Smithsburg High graduate receives presidential kudos

February 05, 1997


Staff Writer

Watching President Clinton give his State of the Union address Tuesday night, Ted and Louise Zarfos thought they might catch a glimpse of their daughter watching from the gallery.

Dr. Kristen Zarfos - a 1971 Smithsburg High School graduate who's now a surgeon in Middletown, Conn. - told her parents she'd been invited to attend and suggested they watch.

She didn't tell them Clinton was planning to recognize her efforts to guarantee women with mastectomies two-day hospital stays.

"She kept this all very secret," said Louise Zarfos, who said she started suspecting something when Clinton brought up health-care reform.


"When he finally mentioned her name, I thought my husband would jump out of his chair," she said.

"I got 10-feet tall last night," said Ted Zarfos, who said he's very proud of his daughter's fight to change the law.

Kristen Zarfos, 43, has received national press attention, including an appearance on "Good Morning America" in November, for her efforts to get a law requiring HMOs to pay for at least two days of hospitalization after mastectomy surgery.

During his speech, Clinton urged both parties to support the legislation.

He included Zarfos among seven people "whose lives reflect the best that we can become when we are one America."

Zarfos' actions were sparked by outrage at her and other doctors' difficulty in getting post-operative hospital stays approved for their mastectomy patients, her mother said.

The effort is in character for the Chewsville-area native, said her parents, who moved to Frederick County, Md., 10 years ago.

"She's been a leader since she was a little kid," said Louise Zarfos. "She was always a fighter, feisty for the rights," she said.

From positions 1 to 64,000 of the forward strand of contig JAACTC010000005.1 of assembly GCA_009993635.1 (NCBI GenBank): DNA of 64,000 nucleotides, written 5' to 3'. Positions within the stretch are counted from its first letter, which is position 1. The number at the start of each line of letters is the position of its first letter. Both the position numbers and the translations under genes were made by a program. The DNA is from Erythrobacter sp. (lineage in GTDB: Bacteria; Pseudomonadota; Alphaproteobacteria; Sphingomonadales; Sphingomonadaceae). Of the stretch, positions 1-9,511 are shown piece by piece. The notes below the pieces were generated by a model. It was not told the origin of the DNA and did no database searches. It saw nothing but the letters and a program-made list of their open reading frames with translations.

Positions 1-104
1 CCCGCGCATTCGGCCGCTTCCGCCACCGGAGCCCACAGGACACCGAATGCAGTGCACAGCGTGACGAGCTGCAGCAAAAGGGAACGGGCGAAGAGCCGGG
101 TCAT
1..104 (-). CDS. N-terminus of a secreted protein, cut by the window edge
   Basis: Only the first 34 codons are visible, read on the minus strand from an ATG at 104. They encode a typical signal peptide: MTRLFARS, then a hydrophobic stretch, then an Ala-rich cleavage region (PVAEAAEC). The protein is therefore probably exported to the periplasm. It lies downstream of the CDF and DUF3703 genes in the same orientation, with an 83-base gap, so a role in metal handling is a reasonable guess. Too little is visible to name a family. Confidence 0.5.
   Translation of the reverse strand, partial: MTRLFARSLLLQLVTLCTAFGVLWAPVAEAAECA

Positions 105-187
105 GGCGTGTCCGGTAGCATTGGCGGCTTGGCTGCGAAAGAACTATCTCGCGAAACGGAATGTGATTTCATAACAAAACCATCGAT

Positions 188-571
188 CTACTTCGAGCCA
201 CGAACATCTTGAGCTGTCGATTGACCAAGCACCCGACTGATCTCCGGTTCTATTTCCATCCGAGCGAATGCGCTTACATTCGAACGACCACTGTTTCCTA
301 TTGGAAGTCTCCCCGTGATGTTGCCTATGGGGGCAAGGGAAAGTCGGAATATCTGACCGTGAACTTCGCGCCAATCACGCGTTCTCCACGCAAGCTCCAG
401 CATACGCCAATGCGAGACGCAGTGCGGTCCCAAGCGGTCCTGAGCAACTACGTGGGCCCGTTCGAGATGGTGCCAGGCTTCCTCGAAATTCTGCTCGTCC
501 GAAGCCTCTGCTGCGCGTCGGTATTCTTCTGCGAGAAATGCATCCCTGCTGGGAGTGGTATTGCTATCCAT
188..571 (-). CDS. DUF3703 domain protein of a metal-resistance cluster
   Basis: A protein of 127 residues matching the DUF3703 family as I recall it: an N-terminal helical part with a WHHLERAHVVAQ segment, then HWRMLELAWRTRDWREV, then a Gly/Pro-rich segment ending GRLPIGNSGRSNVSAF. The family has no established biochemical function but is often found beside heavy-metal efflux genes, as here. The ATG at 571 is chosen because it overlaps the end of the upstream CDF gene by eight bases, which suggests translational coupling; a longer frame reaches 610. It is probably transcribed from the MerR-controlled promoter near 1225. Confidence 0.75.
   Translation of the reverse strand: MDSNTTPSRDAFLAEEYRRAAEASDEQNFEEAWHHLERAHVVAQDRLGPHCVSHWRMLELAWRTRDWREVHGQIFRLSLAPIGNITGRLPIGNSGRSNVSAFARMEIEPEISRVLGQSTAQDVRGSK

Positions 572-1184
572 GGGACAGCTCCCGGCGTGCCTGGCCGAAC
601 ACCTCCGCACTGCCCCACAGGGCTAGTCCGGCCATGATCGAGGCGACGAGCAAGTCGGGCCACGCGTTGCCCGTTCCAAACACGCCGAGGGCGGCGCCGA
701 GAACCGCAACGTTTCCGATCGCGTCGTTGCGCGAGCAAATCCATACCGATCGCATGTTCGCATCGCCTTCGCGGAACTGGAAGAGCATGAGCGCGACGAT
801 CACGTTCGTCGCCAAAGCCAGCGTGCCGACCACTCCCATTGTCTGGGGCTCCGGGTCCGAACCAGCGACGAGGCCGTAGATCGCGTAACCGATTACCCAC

After graduating as salutatorian of her class at Smithsburg High, Zarfos went on to Hood College in Frederick.

She originally planned to become a biology teacher, but was urged by a professor to consider medical school, her mother said.

After getting a medical degree from the University of Maryland, Zarfos completed a residency in surgery at Yale University, Louise Zarfos said.

Zarfos' parents weren't the only ones surprised to see her honored in the State of the Union address.

Louise Zarfos said they received calls from family members and friends offering congratulations.

The Rev. John Schildt, pastor of Bethel United Methodist Church in Chewsville, was one of them.

"I was halfheartedly watching when I heard the name Zarfos. It caught my attention. The next moment the camera was on her," said Schildt, who said he hasn't had much contact with the family since they moved.

"I was very, very excited about it," he said. "How often does somebody from this area ... get mentioned by the president of the United States."

Schildt said he always thought of Kristen Zarfos as a "can't-miss person," friendly, involved and goal-oriented.

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